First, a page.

A friendly maintenance manager told me recently: “We will first do all we can with our big energy users and then proceed to an energy audit”.

‘Big ticket items first’ approach to energy management may hurt business and can hurt maintenance manager personally. This hurt can be avoided.

If started right,  big and impactful energy projects will follow small and easy to implement, just like these dominoes:

Falling dominoes were built and filmed by Stephen Morris as described here. Every next piece is 50% bigger. The smallest one is only 5 mm tall. Refresh your window to see how these dominoes fall again; this time imagine these are energy projects you have successfully implemented.

5 reason why starting energy management with big energy users may hurt your business

  1. Attacking big energy users requires big CAPEX, which is always hard to secure.

Approval of big projects without a track record of implementations may be difficult. If capital is scarce, failure to secure investment into big changes may kill management’s appetite to energy work altogether. Big ticket approach is widely supported by equipment vendors who work towards sales quotas.

  1. Implementation of one big project may hurt profitability of another

Example: If HVAC is upgraded prior to lighting retrofit, the efficient chiller may be forced to work in low inefficient mode much longer. Chiller savings will be lost.

  1. Small projects may make big projects more profitable or unnecessary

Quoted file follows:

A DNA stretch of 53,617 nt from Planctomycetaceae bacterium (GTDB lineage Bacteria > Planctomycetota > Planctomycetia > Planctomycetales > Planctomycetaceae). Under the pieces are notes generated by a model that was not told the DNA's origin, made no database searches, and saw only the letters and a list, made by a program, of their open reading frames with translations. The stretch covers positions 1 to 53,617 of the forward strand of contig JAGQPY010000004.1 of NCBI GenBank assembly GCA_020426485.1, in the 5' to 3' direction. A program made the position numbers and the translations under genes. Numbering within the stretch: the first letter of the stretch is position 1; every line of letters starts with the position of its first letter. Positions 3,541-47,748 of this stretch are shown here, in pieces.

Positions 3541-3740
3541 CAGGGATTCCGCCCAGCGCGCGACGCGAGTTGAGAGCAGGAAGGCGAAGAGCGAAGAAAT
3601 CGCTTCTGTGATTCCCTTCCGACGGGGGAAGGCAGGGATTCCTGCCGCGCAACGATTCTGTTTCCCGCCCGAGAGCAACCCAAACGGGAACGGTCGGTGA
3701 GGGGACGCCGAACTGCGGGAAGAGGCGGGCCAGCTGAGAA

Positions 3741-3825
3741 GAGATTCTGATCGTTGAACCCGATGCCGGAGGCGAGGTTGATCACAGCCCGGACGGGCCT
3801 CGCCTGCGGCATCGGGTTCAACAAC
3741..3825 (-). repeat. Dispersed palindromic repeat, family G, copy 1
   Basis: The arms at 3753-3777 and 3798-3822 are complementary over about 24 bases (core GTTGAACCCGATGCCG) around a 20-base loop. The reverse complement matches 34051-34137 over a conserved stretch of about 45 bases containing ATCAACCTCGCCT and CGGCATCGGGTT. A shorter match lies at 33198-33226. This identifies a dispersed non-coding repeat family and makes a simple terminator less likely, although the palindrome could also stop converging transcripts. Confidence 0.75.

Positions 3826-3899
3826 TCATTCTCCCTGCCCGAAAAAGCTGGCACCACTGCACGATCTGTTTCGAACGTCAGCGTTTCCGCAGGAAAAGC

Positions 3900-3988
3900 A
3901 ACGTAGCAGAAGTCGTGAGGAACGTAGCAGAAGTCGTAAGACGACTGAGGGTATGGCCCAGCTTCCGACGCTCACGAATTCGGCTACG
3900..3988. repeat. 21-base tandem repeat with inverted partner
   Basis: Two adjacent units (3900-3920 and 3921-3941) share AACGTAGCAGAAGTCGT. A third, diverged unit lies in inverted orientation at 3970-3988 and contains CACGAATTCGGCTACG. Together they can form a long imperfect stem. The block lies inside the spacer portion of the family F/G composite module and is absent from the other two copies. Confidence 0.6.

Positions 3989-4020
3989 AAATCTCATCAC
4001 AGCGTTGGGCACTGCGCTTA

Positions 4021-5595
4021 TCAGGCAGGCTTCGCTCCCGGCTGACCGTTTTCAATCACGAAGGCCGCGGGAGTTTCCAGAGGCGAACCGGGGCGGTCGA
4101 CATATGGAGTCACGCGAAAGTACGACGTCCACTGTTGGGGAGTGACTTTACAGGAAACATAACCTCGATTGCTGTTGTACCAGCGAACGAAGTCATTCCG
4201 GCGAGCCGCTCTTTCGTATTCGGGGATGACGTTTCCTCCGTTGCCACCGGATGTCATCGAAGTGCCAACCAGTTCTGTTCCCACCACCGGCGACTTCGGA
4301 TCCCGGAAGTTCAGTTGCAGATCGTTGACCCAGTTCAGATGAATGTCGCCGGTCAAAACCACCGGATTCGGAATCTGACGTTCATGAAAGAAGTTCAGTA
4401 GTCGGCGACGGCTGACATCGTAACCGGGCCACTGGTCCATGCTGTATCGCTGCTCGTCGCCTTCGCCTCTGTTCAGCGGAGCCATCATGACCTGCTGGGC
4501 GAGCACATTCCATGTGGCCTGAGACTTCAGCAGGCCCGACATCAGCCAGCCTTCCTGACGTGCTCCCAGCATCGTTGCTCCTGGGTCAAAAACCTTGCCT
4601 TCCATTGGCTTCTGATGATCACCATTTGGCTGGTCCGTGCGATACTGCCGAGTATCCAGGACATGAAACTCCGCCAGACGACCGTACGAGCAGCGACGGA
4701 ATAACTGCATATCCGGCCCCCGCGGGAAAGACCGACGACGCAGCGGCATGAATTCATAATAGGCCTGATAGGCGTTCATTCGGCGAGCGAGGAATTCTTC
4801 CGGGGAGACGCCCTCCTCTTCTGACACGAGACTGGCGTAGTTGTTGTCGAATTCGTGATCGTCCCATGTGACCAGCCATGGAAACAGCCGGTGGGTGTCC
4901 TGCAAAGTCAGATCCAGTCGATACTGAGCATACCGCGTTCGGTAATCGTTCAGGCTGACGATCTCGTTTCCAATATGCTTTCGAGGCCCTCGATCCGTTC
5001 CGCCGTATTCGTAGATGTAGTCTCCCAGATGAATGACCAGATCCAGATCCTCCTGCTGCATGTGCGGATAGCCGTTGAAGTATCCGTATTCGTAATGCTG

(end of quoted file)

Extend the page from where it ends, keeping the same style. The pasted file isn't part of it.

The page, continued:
Simplest examples: fix compressed air leaks and a bigger compressor is not required anymore, redirect reject heat and a smaller boiler will provide enough heating.

  1. Big projects typically have longer paybacks, while creating energy management momentum requires quick wins.
  2. Installation of a super efficient boiler (compressor, motor, etc) will not help much if the machine is misused.

Hasty climbers have sudden falls. How will it feel professionally if after big investments have been made, an audit will show that they were not necessary or contradict each other?

An alternative approach is to start with a comprehensive energy audit, which will create a map of opportunities and assess their interconnections, rank opportunities by profitability. Finding simple ways to create savings will create trust and respect from management, leading to easier approval of bigger projects.